Formation

There are four stages of interrogation; the first is called Formation. Before the interrogation comes the need for it to occur and the mandate to undertake it. At this stage, the framework is established for how the interrogation may be determined, including the level of coercion that is permitted or not allowed.

 

What happened in the library?

My affair with California begins long before we meet. I am nine, tucked between stacks in the school library on the second floor. For years after, decades, I will have dreams about the second floor of this school. I will wrestle in my sleep to remember what the hallway looked like as it hooked a sharp right, to the farthest reaches of the building where only the sixth-graders went. I will smell the disinfectant wafting off the floors and hear the squeak of untied sneakers. I will remember, without knowing if it is real, a tide of anxiety about the girls’ bathroom—dirty stalls, cold tile, donut-shaped communal drinking fountain into which one could easily fall, or be pushed.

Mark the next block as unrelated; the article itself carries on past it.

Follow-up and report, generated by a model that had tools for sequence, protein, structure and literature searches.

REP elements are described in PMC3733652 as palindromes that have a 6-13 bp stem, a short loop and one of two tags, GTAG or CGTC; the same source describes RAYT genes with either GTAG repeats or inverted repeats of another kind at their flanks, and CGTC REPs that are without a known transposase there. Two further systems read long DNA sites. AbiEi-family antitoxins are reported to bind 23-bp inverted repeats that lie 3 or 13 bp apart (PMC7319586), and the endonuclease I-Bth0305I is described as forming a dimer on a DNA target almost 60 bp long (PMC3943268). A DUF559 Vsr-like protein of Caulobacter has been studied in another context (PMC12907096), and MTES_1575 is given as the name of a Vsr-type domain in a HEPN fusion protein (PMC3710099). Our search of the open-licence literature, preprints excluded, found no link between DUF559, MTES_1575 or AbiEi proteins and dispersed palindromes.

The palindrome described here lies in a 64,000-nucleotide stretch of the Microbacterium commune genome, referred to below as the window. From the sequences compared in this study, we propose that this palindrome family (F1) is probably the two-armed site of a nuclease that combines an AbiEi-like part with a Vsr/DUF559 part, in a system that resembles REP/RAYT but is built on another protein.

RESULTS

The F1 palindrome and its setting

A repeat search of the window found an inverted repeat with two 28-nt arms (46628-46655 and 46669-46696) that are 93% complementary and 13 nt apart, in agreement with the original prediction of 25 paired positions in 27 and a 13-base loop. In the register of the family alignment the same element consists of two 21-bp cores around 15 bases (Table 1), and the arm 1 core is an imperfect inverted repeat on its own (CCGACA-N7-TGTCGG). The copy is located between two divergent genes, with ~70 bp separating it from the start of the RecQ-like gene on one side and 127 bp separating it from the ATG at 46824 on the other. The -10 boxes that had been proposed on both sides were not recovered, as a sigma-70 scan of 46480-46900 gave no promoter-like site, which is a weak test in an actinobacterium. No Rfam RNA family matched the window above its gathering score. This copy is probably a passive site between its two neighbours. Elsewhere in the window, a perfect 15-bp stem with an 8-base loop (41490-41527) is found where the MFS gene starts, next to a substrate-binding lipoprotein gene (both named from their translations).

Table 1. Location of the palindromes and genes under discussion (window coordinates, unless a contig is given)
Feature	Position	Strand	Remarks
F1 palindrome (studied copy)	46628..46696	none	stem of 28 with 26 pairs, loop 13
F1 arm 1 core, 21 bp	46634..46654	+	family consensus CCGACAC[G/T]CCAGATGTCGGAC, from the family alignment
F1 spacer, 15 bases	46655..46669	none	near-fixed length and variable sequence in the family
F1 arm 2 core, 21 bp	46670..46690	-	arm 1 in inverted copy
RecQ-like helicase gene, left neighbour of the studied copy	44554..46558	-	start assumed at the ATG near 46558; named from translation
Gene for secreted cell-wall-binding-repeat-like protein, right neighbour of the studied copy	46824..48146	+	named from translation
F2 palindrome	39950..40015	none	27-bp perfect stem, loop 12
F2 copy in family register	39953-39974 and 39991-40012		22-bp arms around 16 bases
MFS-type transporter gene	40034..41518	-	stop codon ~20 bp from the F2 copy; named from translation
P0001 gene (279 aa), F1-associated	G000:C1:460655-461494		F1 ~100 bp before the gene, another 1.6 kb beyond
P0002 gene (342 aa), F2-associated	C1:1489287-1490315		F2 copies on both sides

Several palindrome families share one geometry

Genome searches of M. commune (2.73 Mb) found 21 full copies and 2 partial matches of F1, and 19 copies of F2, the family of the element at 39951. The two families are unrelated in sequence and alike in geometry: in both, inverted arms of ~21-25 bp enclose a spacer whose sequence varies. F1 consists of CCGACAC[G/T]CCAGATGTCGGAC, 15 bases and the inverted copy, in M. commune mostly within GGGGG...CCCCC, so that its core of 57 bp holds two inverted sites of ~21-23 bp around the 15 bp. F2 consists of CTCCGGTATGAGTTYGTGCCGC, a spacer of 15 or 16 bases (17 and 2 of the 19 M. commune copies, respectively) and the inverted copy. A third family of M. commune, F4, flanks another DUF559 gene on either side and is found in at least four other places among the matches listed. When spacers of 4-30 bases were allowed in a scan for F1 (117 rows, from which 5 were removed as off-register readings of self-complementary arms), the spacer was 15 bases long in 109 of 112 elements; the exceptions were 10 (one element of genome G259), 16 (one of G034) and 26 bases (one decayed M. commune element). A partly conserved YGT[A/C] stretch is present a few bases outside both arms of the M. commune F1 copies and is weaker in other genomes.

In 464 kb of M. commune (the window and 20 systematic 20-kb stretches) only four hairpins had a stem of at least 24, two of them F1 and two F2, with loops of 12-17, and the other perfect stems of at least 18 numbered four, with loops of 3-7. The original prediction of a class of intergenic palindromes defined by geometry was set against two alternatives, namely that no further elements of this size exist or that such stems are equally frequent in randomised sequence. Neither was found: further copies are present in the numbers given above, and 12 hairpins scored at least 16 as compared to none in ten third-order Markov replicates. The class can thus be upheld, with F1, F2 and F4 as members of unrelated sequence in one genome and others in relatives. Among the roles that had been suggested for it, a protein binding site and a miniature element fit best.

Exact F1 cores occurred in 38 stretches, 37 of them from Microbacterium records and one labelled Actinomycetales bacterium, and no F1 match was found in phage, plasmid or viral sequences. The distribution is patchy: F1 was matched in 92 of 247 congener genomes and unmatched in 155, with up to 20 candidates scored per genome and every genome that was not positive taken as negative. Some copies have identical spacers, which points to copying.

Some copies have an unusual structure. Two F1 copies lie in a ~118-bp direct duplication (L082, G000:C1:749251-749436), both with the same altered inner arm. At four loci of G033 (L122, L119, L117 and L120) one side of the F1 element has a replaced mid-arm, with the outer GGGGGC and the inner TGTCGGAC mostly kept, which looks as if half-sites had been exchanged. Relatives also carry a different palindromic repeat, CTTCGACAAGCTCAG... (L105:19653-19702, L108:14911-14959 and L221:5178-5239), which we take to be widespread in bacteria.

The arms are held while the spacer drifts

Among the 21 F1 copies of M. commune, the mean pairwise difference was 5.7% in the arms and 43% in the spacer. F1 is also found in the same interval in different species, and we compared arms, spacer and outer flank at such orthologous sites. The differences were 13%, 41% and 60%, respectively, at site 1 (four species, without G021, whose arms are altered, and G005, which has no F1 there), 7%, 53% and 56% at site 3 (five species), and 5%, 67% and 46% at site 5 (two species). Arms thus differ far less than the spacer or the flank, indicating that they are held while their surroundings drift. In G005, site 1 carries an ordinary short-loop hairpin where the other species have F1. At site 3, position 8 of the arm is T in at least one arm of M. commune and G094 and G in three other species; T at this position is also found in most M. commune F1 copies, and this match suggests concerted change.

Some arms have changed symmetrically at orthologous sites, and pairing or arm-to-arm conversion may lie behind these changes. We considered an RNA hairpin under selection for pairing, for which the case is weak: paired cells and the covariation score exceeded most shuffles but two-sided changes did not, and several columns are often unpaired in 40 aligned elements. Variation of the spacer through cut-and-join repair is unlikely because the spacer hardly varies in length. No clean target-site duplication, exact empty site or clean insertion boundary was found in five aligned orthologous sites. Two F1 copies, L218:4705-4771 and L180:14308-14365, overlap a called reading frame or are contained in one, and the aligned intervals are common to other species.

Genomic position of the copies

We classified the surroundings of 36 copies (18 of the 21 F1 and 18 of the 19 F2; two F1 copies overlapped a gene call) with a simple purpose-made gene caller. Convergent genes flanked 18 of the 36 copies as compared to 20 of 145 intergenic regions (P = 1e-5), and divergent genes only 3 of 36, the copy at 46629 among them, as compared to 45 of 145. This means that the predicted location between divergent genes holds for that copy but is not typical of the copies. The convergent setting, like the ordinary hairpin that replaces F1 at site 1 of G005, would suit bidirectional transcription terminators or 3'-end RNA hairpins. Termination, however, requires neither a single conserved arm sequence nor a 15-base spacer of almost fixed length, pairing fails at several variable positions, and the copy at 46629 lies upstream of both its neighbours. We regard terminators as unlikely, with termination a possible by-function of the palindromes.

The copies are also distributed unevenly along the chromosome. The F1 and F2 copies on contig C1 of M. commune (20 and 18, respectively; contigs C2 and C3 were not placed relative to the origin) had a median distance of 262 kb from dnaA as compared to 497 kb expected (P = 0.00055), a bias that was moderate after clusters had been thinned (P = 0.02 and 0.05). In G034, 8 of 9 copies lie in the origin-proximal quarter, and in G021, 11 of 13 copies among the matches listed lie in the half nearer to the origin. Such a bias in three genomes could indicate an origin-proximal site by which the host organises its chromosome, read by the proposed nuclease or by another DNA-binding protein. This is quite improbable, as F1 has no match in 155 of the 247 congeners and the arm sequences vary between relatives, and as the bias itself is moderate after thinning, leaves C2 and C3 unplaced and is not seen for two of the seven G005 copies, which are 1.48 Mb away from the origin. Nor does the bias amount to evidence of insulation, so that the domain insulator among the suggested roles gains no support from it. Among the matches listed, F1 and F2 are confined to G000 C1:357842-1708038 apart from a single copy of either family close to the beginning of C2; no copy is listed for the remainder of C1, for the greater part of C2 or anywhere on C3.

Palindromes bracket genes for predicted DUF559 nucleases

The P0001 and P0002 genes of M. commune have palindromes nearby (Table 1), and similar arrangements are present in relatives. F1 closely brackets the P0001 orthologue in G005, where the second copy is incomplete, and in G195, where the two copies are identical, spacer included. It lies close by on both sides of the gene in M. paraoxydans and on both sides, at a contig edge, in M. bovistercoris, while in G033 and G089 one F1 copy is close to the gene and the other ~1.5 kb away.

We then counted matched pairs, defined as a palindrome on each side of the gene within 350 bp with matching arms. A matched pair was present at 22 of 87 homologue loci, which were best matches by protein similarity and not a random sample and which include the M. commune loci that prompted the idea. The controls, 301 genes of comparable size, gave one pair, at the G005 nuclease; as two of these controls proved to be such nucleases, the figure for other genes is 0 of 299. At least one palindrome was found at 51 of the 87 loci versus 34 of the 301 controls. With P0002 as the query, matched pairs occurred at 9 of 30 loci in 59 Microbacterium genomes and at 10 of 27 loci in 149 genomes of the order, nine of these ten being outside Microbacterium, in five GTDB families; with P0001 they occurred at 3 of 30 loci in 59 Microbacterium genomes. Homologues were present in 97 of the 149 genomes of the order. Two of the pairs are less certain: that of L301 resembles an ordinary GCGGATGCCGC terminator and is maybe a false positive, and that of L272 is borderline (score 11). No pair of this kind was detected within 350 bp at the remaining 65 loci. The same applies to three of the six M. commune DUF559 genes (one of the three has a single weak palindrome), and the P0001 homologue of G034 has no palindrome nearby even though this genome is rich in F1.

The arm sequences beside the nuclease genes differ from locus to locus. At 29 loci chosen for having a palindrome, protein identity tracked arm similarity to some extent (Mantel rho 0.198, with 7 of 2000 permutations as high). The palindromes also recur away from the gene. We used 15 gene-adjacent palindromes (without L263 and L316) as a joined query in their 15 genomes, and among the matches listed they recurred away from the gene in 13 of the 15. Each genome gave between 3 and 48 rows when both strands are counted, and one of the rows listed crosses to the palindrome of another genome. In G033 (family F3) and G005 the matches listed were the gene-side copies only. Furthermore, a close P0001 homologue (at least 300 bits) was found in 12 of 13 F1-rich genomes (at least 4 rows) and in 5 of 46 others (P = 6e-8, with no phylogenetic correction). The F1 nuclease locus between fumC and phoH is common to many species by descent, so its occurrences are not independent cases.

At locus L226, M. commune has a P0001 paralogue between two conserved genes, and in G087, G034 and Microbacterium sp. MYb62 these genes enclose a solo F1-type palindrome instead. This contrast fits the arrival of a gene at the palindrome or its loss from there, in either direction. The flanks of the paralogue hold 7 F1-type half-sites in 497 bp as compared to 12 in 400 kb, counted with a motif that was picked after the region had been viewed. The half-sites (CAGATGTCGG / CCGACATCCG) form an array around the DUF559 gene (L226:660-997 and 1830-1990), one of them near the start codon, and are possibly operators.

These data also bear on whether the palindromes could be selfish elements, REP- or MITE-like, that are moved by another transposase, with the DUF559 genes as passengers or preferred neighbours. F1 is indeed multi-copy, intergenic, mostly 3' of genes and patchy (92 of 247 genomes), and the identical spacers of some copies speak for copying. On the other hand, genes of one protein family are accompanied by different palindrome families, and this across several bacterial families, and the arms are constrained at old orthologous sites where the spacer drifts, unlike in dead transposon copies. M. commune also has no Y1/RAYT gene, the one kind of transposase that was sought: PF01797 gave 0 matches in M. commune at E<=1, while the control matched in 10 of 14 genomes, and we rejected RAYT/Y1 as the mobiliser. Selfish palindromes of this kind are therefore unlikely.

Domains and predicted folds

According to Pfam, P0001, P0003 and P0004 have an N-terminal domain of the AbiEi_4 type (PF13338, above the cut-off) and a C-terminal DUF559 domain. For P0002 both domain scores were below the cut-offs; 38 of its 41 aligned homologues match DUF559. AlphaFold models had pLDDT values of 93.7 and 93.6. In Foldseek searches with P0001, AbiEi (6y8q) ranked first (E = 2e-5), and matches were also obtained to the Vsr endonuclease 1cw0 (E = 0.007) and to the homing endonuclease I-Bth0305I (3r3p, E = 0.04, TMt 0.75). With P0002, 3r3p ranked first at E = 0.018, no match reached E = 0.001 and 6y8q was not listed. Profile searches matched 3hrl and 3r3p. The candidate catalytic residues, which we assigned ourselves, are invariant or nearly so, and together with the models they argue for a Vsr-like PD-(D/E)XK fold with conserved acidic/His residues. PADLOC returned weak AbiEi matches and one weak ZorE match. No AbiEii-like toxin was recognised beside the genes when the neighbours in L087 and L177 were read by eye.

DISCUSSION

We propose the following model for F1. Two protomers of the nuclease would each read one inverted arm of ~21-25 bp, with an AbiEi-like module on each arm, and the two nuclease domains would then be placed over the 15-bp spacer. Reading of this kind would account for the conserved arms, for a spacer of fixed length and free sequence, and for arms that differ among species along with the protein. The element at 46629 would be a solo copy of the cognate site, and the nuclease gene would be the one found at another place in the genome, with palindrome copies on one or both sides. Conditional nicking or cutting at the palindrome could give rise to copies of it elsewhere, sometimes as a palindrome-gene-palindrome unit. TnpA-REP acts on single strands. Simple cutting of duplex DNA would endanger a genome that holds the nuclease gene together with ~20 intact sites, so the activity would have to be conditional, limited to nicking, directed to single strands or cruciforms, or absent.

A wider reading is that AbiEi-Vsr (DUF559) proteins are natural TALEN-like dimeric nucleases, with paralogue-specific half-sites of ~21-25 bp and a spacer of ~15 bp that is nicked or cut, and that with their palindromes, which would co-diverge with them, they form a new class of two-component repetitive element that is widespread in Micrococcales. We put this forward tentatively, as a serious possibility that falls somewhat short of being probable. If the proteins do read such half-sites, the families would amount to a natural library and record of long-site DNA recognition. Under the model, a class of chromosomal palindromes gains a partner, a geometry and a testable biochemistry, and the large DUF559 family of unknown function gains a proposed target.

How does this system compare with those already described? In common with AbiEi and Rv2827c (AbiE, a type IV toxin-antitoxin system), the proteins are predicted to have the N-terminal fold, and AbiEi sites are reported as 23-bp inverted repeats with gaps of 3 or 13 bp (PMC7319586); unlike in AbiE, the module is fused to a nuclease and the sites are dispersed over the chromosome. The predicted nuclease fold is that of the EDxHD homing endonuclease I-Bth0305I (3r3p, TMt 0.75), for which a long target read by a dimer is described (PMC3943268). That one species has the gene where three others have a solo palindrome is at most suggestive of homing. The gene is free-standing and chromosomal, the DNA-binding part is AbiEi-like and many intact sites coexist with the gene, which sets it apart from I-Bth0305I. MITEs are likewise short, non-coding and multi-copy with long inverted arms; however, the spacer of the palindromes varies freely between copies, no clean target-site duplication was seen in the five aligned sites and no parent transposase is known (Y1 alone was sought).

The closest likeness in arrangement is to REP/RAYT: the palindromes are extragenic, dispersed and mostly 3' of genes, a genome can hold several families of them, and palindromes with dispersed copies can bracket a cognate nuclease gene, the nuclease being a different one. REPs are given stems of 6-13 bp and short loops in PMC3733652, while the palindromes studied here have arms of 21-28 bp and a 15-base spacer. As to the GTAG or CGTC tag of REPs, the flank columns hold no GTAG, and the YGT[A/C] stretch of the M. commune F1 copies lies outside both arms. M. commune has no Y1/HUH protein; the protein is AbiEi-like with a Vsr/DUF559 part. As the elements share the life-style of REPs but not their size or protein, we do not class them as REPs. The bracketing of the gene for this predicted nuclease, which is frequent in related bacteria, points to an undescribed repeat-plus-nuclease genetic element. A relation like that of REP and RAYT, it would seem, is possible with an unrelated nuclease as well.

Where were you on the evening of December 3, 1979?

I was in a living room with a brown shaggy rug, tangled curls flying, rag doll clutched under my armpit, enormous headphones clamped around my toddler ears. I was dancing, my mouth plugged by my right thumb. A stretchy black coil connected the headphones to a cord, which ran to the wooden wall unit, which held my father’s record player. A 45 spun round, the needle’s gentle connection to the grooves sending the sound—maybe the Eagles; the Bee Gees; Earth, Wind and Fire—back through the wire to my ears. My parents sat on our nubby couch smiling, looking on. This is where everything begins, and where everything ends.

 

Where will you be on the morning of March 1, 2018?

Probably hiding. My book, California Calling: A Self-Interrogation, comes out that day.